High Savings, High Debt

One thing of note in the ongoing economic discussion is whether or not the high savings rates make sense for America while they appear to portend and end of the American consumer.Starting near the top, the classical Keynesian model says the biggest driver of economic growth is progressive declines in the private savings rate. In other words, the less people save/the more they spend, the higher GDP will be. Moreover, the Kaynesian model says savings rates have more impact than any other piece of the puzzle.

While Keynes’ model has been justly critiqued and improved, or even as some would argue dis-proven, the idea that there exists a fundamental link between the private savings rate and overall consumer spending and thus overall GDP is both prevelant and sensible. People can’t spend money they’re saving, and that means manufacturers would be producing less to meet less demand, etc.

However, there are two observations to be made at this juncture. First, the American consumer basically spent everything they could get and then some for most of the 90’s, pushing the overall savings rate to zero or perhaps even negative. Recall, for isntance, the hand-wringing about too many people with too much credit card debt, too big of a house, and too expensive a brace of cars. Pile on the worry about new college grads with massive college loan debt and it starts to sound like America is swimming in IOU’s.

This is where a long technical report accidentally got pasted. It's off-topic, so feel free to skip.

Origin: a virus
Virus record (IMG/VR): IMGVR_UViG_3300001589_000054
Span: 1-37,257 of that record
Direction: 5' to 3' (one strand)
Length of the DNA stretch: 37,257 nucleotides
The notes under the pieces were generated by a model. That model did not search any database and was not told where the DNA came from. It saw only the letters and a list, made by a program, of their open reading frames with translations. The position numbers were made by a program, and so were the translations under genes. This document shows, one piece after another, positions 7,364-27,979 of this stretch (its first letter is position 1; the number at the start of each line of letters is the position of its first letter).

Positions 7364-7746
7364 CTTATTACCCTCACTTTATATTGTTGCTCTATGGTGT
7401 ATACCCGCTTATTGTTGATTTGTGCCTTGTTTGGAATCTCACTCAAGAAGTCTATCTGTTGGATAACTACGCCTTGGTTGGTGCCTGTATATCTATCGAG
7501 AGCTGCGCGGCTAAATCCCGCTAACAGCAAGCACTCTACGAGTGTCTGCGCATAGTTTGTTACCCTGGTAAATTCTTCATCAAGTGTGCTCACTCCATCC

Then we get an economic downswing. The most vulnerable people during such events are those who are most indebted. Even if you’re well positioned, this one has been big enough to worry almost everyone. People start to save to prepare for unemployment including cutting down their debt load and start refusing to take out new loans for new spending. They start cutting back on the $5 morning lattes and defer the new car for a couple years. With housing prices soft, people are deffering the home upgrades and without a rosy outlook that means to home improvement projects.

So maybe the 6.9% savings rate in the USA right now makes some sense. GDP down as much as it is is a problem. Unemployment where it is creates problems. However, the savings rate might just make sense, and given the amount of time we spent lamenting it beging too low, perhaps there is some irony in lamenting it being “too high” now.

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